Merck (NYSE:MRK) and its partner, Ridgeback Biotherapeutics, hope to soon win U.S. Emergency Use Authorization (EUA) for the first COVID-19 pill. In this Motley Fool Live video recorded on Oct. 13, Motley Fool contributors Keith Speights and Brian Orelli discuss the potential impact of Merck's pill on COVID-19 antibody therapies.
Keith Speights: We briefly touched on this on Monday of this week, but Merck and its partner, Ridgeback, have now filed for Emergency Use Authorization for their COVID-19 pill.
We were just talking about whether or not AstraZeneca (NASDAQ:AZN) might be able to capture market share, take market share away from Regeneron (NASDAQ:REGN) and Eli Lilly (NYSE:LLY) with its COVID-19 antibody therapy. But do you think maybe that's a moot point if Merck's pill reaches the market? Do you think Merck's oral therapy potentially could cause the sales of all of these antibody therapies to plunge?
Brian Orelli: I think an oral medication is certainly a lot more convenient than an injection or an infusion. Patients really don't even have to go see their doctor, they can get confirmed that they have COVID via tests and then a telehealth visit to get the prescription and then the patient doesn't even leave their house if they have somebody who can go pick up the medication or then get it delivered.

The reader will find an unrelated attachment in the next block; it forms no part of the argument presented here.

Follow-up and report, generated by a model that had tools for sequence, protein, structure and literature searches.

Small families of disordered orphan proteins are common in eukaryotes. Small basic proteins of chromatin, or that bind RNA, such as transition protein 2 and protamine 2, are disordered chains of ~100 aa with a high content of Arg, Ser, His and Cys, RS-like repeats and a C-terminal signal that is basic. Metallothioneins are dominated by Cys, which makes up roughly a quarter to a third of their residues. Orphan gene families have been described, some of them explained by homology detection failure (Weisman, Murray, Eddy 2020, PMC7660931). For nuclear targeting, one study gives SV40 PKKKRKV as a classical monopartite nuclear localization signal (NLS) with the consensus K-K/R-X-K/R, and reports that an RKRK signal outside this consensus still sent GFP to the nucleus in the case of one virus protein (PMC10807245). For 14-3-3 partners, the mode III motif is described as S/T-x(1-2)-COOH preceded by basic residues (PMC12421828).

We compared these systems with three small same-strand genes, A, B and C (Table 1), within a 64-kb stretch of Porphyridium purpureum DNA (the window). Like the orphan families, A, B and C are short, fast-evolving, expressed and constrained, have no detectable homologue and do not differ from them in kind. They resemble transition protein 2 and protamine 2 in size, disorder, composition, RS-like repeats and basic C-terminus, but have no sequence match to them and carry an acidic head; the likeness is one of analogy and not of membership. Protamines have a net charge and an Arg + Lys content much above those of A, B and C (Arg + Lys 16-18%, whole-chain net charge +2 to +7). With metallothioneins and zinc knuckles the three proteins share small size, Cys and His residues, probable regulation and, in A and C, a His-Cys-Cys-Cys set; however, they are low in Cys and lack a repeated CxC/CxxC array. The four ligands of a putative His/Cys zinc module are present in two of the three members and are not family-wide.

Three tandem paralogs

I think as long as Merck can make enough of the pill, and that's probably the limiting factor here. It's likely that it will take the market share away from the antibody treatments for sure.
Speights: Of course, it won't necessarily be just Merck, there are others on the way and we've talked about some of the other companies in the past. But again, this just shows how fluid this market really is.
Just because one company or a couple of companies rollout a product that really seems promising, don't count on those sales recurring for too awfully long because there are other companies out there developing therapies that could be even better.
Orelli: Maybe the opposite is true, too, because Eli Lilly's treatment was basically dead, and then it turned out to work fairly well on the delta variant, it came back to life. That happens the other way, too.
Speights: Yeah. COVID-19 has really proven to be an area where you can nearly throw some of the predictions out the window because things change so quickly.